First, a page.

The severity of the case will dictate what you do when you find your horse showing signs of colic. If he is behaving violently call your veterinarian immediately. Violent behavior usually equates with great pain which usually equates with a serious case of colic. Time is of the essence here. Not all horses show the same severity of signs with the same type of colic, and some horses may become quite violent with a relatively “mild” case. If the signs of pain are less extreme, you can take a few minutes to observe the horse’s appearance and behavior before calling the veterinarian.
- If possible, take his temperature, pulse and respiration rates.
- Note what his appetite has been like in the past day or so, and the consistency and frequency of defecation.
- Has his water intake been normal?
- Are his gums a normal color? (remember gum color can have a wide variation) Dark red or purple is not good.
- Assess hydration. Are the gums dry and tacky, does the skin stay tented when you pull on it?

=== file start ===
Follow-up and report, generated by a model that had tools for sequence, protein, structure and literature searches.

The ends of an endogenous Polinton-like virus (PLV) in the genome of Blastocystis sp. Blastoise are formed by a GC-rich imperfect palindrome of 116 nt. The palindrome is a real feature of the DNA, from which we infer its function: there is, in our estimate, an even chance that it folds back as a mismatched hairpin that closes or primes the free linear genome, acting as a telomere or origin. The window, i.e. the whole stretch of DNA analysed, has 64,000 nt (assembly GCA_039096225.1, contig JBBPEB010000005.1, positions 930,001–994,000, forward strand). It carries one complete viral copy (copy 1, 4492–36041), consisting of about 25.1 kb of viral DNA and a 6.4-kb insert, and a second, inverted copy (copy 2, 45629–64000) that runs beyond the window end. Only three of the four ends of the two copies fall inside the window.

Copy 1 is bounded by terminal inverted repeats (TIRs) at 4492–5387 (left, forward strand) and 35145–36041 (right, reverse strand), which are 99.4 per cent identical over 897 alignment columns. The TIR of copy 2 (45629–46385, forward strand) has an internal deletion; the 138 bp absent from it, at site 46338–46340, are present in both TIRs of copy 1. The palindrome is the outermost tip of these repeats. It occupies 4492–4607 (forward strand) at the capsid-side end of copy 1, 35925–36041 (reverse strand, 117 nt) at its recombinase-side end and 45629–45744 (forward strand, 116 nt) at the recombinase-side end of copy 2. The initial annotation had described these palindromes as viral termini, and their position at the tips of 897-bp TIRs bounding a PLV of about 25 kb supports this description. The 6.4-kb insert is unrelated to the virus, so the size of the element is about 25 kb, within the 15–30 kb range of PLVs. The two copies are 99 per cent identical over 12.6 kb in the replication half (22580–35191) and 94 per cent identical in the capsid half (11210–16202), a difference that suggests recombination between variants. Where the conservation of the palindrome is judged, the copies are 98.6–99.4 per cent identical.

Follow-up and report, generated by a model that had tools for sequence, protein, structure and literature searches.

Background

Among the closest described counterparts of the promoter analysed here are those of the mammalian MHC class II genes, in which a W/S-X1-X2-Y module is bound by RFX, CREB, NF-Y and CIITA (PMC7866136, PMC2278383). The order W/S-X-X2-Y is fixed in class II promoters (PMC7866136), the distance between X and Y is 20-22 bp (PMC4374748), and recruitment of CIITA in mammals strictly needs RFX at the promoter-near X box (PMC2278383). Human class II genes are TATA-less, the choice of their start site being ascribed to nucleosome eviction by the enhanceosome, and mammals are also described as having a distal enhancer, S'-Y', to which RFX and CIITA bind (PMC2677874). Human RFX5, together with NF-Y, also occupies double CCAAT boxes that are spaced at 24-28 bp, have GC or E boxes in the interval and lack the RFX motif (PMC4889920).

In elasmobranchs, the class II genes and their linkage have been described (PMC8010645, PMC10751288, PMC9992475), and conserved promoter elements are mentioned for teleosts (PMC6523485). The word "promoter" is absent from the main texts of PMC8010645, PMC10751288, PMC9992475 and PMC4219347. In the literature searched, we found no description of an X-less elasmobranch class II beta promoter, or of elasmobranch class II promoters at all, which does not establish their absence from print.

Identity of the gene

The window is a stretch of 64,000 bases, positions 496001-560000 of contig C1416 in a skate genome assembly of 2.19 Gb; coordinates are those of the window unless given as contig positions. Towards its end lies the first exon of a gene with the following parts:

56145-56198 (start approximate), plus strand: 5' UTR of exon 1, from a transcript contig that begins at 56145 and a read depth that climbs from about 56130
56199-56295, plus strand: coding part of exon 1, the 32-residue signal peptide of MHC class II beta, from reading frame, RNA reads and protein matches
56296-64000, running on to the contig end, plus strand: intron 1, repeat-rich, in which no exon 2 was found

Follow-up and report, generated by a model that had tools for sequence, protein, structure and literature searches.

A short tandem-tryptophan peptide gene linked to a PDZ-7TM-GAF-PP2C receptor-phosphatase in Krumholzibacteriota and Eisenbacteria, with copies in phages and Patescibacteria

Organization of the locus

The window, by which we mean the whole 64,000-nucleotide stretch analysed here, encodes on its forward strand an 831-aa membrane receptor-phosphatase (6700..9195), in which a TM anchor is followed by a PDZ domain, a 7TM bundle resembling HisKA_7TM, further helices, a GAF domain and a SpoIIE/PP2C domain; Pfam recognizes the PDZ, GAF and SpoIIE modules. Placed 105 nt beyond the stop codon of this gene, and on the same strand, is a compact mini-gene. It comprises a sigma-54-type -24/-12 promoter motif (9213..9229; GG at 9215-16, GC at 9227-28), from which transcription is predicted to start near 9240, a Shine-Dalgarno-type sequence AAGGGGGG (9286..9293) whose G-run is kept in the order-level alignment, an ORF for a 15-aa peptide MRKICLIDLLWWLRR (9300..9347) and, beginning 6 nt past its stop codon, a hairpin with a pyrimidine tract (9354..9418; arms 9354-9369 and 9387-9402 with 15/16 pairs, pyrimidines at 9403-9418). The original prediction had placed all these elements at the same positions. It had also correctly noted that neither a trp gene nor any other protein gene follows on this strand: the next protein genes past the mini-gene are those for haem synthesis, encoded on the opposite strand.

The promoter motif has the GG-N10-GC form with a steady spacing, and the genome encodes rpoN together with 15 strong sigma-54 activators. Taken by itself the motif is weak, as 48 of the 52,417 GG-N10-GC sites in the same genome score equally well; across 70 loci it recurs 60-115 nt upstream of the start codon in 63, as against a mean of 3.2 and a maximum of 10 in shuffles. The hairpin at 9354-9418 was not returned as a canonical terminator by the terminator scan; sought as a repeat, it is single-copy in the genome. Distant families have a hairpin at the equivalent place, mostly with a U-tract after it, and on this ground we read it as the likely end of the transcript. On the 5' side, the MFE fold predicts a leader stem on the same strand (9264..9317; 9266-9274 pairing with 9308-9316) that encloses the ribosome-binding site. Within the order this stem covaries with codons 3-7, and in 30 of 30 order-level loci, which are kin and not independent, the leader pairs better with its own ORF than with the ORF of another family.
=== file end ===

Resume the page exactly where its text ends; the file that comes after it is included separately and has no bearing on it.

- Think about whether he has had access to any unusual feedstuffs in the past day or so, whether any medications have been administered, and whether there have been any changes in management.
Now call your veterinarian. It is important to take all food away from the horse until the veterinarian arrives. If he is nibbling at his bedding, find a way to prevent this. Walking the horse can be a useful way of distracting him from the pain, but he should not be walked to exhaustion. If the horse insists on rolling, there will be little you can do to prevent it. If possible, try to get the horse to an area where he will do himself the least damage when he rolls. But do not get hurt yourself. Do not administer any drugs until your veterinarian has seen the horse, or unless he/she tells you to do so. Also if your horse appears to be colicky earlier in the day, don’t watch it until 10pm and then decide to call your vet. They tend to get a little grumpy at that time if they could have treated it earlier in the day.
Prevention of Colic